Men’s health refers to a condition of total physical, emotional, and social wellbeing, as experienced by men; the absence of which does not reflect their quality of life but rather the impact of illness or infirmity on their ability to be sexually active. Men’s health is more important now than ever before, given the increased prevalence of dangerous infections and diseases as well as the increasing risks of death due to various health complications. The men’s health issue has reached epidemic proportions, with tens of thousands of men diagnosed with some form of male disorder each year in the United States alone. Fortunately, advances in men’s health care have helped to raise men’s health to new heights, with increased research and educational focus on men’s health issues and more widespread use of the prostate cancer screening test.
Mental Health Men experiences a greater risk of depression and other psychological disorders, such as anxiety and bipolar disorder, because of their stress factors. Stress can lead to a variety of health problems, including coronary heart disease and stroke. Anxiety can also lead to the development of erectile dysfunction and other cardiovascular disease issues, such as diabetes, high blood pressure, heart disease, or hyperlipidemia. The use of alcohol and other substances of abuse can exacerbate depression, anxiety, or bipolar disorder. Other mental health issues that may occur are paranoia, schizophrenia, delusions, blushing, sweating, eating disorders, and mania.
Substance Abuse and Dependency Many researchers now believe that the majority of cases of addiction and substance abuse disorders originate from depression, anxiety, bipolar disorder, or other mood disorders. In the most severe cases, these disorders may result in suicide. Men who are involved in the recreational use of illegal drugs such as marijuana, heroin, methamphetamines, cocaine, and crack are at significantly higher risk of suicide. In addition, alcohol abuse and alcoholism greatly exacerbate depression and other psychological disorders.
Men’s Health issues are complicated by the fact that men are less likely to seek medical treatment for common health problems and are more likely to self-medicate with alcohol or other substances. For example, in the United States, suicide rates for men have been twice that of women. There is no single cause for this difference, but many experts believe that social experiences and stressors such as unemployment and poor economic prospects are some of the important contributing factors. Other possible reasons include genetics (some people are genetically predisposed to suicide behavior), social networking, life events, changes in social status quo, and increased stress levels. In light of these findings, it is imperative that men consider these facts about their health, because premature death can have devastating social and economic consequences.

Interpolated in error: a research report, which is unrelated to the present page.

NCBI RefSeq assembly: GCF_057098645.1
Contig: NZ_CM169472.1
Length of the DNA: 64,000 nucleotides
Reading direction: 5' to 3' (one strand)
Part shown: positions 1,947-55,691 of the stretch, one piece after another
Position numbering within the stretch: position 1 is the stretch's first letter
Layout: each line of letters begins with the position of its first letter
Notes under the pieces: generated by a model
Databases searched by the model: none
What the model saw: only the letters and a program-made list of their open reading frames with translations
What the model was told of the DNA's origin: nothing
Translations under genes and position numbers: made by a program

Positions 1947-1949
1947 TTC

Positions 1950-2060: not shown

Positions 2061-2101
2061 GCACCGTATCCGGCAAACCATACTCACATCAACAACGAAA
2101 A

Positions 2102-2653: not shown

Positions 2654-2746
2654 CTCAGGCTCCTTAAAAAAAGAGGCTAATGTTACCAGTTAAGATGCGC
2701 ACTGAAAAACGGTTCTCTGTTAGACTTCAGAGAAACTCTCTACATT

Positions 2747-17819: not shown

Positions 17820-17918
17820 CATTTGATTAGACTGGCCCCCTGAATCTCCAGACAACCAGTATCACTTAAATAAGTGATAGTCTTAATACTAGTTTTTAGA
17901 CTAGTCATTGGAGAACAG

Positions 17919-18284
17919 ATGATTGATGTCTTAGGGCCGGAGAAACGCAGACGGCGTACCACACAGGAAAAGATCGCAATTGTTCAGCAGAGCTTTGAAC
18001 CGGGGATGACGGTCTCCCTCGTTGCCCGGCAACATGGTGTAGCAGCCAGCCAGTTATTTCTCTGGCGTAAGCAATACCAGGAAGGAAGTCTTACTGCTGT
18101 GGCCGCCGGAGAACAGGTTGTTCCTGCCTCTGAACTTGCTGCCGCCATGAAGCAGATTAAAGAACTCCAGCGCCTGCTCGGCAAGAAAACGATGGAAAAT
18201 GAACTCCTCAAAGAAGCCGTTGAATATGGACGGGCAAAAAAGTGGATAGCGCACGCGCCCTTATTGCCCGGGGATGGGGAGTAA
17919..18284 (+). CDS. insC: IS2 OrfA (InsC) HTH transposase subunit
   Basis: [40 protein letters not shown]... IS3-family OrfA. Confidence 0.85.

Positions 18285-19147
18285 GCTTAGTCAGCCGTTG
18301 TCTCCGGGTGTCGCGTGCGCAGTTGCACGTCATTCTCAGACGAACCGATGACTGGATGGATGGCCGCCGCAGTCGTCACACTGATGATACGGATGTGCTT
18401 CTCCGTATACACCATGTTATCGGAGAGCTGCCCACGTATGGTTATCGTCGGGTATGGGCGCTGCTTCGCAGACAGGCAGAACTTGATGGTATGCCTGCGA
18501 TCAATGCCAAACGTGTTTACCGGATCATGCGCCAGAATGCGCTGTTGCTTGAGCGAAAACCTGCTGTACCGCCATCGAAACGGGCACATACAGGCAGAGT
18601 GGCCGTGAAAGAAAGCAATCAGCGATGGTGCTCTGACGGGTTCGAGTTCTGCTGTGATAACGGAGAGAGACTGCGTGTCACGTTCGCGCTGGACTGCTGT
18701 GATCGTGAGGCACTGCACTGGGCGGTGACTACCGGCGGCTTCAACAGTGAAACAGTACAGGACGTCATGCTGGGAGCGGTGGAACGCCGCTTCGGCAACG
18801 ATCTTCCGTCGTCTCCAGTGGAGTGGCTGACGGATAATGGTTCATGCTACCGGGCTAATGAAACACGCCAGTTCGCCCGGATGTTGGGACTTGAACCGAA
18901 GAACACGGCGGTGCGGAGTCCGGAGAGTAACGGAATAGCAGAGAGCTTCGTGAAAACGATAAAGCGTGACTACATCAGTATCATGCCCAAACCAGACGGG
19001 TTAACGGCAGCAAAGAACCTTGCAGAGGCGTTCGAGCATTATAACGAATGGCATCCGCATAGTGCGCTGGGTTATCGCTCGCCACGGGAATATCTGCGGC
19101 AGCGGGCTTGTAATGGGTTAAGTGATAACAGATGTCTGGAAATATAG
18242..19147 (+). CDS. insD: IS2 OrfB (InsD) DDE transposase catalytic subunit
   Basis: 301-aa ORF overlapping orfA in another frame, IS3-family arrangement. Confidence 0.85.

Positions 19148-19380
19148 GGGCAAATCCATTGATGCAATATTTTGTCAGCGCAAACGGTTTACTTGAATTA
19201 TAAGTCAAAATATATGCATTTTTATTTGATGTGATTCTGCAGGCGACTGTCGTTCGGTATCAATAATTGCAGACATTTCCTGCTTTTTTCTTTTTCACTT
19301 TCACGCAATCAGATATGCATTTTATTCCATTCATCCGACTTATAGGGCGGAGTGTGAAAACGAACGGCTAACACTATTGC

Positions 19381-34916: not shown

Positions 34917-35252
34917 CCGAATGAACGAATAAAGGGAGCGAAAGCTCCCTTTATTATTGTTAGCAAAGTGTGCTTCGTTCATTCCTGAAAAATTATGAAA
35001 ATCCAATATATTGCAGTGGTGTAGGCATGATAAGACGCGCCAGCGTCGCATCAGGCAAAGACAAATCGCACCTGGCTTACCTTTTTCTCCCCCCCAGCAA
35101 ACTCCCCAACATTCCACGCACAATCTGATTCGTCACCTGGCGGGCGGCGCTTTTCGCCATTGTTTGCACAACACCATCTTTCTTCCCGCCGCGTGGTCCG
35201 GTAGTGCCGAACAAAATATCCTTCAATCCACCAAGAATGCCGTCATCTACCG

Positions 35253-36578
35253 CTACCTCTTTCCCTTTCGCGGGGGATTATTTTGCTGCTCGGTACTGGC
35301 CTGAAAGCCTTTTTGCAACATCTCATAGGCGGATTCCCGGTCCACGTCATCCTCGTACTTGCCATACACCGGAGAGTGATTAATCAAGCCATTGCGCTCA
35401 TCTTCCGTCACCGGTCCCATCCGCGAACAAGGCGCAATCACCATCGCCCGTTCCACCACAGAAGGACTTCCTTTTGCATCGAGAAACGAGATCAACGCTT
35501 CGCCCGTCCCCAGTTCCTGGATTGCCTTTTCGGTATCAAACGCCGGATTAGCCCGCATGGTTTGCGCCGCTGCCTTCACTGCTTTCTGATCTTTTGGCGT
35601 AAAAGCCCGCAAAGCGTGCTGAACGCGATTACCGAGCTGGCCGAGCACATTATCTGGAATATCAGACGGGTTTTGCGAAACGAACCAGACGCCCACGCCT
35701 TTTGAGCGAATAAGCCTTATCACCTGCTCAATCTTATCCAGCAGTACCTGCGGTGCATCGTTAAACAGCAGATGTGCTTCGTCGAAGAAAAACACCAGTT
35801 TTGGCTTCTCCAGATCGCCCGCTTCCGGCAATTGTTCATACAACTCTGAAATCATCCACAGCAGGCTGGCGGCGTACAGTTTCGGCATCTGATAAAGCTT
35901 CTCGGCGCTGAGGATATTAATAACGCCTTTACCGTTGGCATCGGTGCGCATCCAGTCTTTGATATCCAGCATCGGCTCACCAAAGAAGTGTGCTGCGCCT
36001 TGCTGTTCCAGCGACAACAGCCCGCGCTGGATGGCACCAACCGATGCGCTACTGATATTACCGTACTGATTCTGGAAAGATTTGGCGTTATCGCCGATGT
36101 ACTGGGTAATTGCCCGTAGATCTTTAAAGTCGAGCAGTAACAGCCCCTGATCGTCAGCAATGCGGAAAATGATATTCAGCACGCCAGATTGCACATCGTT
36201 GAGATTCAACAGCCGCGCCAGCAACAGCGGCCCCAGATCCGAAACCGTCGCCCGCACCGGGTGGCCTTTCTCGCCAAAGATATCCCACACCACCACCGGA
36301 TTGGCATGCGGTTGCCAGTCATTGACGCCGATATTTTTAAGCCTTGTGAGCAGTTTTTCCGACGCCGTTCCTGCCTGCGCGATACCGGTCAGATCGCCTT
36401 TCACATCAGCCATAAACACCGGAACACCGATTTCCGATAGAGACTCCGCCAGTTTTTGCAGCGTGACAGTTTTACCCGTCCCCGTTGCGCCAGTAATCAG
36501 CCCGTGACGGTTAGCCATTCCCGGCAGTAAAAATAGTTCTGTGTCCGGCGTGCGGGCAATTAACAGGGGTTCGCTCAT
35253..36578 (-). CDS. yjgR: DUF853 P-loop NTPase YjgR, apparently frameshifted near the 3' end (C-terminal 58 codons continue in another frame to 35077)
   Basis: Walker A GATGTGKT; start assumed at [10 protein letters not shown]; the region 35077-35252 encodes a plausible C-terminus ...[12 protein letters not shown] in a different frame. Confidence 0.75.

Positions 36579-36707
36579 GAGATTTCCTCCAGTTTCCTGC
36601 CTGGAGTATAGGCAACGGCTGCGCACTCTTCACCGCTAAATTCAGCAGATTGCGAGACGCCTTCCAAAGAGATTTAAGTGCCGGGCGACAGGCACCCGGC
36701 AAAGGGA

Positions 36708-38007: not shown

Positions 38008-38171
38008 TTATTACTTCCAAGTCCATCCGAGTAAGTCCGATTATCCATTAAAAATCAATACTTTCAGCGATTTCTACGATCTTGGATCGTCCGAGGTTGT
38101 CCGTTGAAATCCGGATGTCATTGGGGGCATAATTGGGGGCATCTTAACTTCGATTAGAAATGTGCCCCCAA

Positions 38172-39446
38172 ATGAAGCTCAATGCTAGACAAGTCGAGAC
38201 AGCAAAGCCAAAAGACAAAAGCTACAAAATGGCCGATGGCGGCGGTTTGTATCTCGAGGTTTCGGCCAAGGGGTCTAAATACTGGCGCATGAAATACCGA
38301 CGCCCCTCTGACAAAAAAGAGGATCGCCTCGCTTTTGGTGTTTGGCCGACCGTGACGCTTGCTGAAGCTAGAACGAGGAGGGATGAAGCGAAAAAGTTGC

Prevention of alcohol abuse disorders and mental health problems is difficult, if not impossible, when men are under the influence of alcohol or other substances. It is important that men are aware of the potential risks, so that they can make wise decisions regarding their use of alcohol and other substances. One way that men can protect themselves is by avoiding situations that may put them at risk such as drinking with friends, using casual dating sites, hanging out with co-workers or friends who have drinking problems or who are likely to abuse alcohol or other substances. Another is to engage men in preventative activities such as regular physical exercise, eating a balanced diet, getting enough sleep and reducing their exposure to possible stressors and environmental triggers which may increase the likelihood of developing alcohol abuse disorders and mental health problems.
Men are more likely than women to develop many serious diseases, including cardiovascular illnesses and type 2 diabetes. Life expectancy is affected by a number of factors, including overall health issues, age and gender, and a person’s genes. Men who have low testosterone levels are more likely to develop conditions such as erectile dysfunction, depression, poor sexual performance, fatigue, osteoporosis and certain types of cancer. Men who are older and those with a family history of alcohol abuse disorders are at greater risk of contracting life-threatening diseases.